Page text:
The most comprehensive case that has ever been made for why nearly everyone should become a polymath in a modern knowledge economy.
“Jack of all trades, master of none.”
The warning against being a generalist has persisted for hundreds of years in dozens of languages. “Equipped with knives all over, yet none is sharp,” warn people in China. In Estonia, it goes, “Nine trades, the tenth one — hunger.”
Yet, many of the most impactful individuals , both contemporary and historical, have been generalists: Elon Musk, Steve Jobs, Richard Feynman, Ben Franklin, Thomas Edison, Leonardo Da Vinci, and Marie Curie to name just a few.
What’s going on here?
If being a generalist was the path to mediocrity, why did the most comprehensive study of the most significant scientists in all of history uncover that 15 of the 20 were polymaths? Newton. Galileo. Aristotle. Kepler. Descartes. Huygens. Laplace. Faraday. Pasteur. Ptolemy. Hooke. Leibniz. Euler. Darwin. Maxwell — all polymaths.
If being a generalist was so ineffective, why are the founders of the five largest companies in the world — Bill Gates, Steve Jobs, Warren Buffett, Larry Page, and Jeff Bezos — all polymaths (who also follow the 5-hour rule)? Are these legends just genius anomalies? Or are they people we could and should imitate in order to be successful in a modern knowledge economy?
If being a generalist is an ineffective career path, why do 10+ academic studies find a correlation between the number of interests/competencies someone develops and their creative impact?
“The future belongs to the integrators.” — Educator Ernest Boyer
I define a modern polymath as someone who becomes competent in at least three diverse domains and integrates them into a top 1-percent skill set.
In another words, they bring the best of what humanity has discovered from across fields to help them be more effective in their core field. Hence the T-shape below. Specialists, on the other hand, just focus on knowledge from their own field.
Since Malcolm Gladwell’s book, Outliers, popularized the concept, many now believe that to become world-class in a skill, they must complete 10,000 hours of deliberate practice in order to beat the competition, going as deep as possible into one field. Modern polymaths go against the grain of this popular advice, building atypical combinations of skills and knowledge across fields and then integrating them to create breakthrough ideas and even brand new fields and industries where there is little competition.
For example, people have studied biology and sociology for hundreds of years. But no one had ever studied them together and synthesized them into a new discipline until researcher EO Wilson pioneered the field of sociobiology in the 1970s. We also have modern tech heroes like Steve Jobs (who I write about here) who famously combined design with hardware and software.
Elon Musk (who I write about here) has combined an understanding of physics, engineering, programming, design, manufacturing, and business to create several multibillion-dollar companies in completely different fields. He not only makes atypical combinations of skills, he also makes atypical combinations of personality traits.
Charles Darwin, creator of one of the most important theories in history — the theory of evolution — was a polymath too. Steven Johnson, author of Where Good Ideas Come From (one of my top five favorite books of all-time), brilliantly describes Darwin’s first scientific breakthrough:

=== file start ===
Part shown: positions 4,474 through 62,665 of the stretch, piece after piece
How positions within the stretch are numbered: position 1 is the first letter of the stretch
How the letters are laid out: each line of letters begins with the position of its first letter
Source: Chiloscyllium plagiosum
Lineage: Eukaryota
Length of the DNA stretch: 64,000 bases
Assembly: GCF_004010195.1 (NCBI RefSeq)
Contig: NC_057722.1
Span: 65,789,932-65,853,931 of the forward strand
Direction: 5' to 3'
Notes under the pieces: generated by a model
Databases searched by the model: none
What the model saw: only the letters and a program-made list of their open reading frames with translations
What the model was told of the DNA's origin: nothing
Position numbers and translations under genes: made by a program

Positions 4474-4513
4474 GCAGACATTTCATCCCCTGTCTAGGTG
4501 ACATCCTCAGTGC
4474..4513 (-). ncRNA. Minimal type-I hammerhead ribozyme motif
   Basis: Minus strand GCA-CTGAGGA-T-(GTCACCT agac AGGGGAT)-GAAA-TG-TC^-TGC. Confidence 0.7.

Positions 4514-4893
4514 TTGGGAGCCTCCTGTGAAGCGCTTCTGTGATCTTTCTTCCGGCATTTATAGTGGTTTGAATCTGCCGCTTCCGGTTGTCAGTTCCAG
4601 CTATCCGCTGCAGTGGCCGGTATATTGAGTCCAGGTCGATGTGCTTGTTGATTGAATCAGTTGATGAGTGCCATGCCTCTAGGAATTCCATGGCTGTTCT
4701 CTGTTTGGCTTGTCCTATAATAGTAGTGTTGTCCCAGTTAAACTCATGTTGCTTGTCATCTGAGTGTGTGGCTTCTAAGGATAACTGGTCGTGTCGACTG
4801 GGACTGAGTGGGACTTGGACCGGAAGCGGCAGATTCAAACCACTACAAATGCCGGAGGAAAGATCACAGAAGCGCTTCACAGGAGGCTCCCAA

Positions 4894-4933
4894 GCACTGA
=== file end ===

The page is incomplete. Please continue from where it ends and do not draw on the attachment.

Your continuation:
The idea itself drew on a coffeehouse of different disciplines: to solve the mystery, he had to think like a naturalist, a marine biologist, and a geologist all at once. He had to understand the life cycle of coral colonies, and observe the tiny evidence of organic sculpture on the rocks of the Keeling Islands; he had to think on the immense time scales of volcanic mountains rising and falling into the sea… To understand the idea in its full complexity required a kind of probing intelligence, willing to think across those different disciplines and scales.
A more everyday example is my longtime friend Elizabeth Saunders. Elizabeth combined her passions for writing, Christianity, and time management into a thriving coaching business based on principles of Christianity that she promotes through books and articles. There is a whole cottage industry around time management, but there are almost no resources on divine time management.
In order to become an effective online writer, I’ve deliberately combined academic research, digital journalism, and growth hacking into one skillset. I didn’t go to college for any of these skills, but practiced them over time and received coaching on them. My observation is that academics often look down on journalists; journalists look down on marketers; and marketers look down on journalists and academics. What many fail to see is that each brings something valuable to the table and that all of these skills combined lead to great ideas seen by large audiences.
“Study the science of art. Study the art of science. Develop your senses — especially learn how to see. Realize that everything connects to everything else.”
— Leonardo Da Vinci
Polymaths have existed forever — indeed they are often the ones who’ve advanced Western civilization more than any others — but they’ve been called different things throughout history. This timeline shows the evolution over time.
But is this a recipe that most people should follow?
There are several significant changes trending in our knowledge economy right now, which are flipping the conventional wisdom on the value of specialization on its head. In today’s world, diverse interests are not a curse, they’re a blessing. Being a polymath instead of a specialist is an advantage, not a weakness.
People who love learning across fields can use that tendency to be more financially successful and impactful in their career.
What follows is the most comprehensive case for becoming a polymath that has ever been created to my knowledge. Then, at the end of the article, I share a resource with you that will help you become a successful polymath.
Scott Adams, the creator of Dilbert, one of the most popular comic strips of all time, wasn’t the funniest person in the world. He wasn’t the best cartoonist in the world, and he wasn’t the most experienced employee (he was only in his 20s when he started Dilbert). But by combining his humor and illustration skills while focusing on business culture, he became the best in the world in his niche. In an insightful blog post, he nails how he did it and how you can too:
If you want something extraordinary [in life], you have two paths:
1. Become the best at one specific thing.
2. Become very good (top 25%) at two or more things.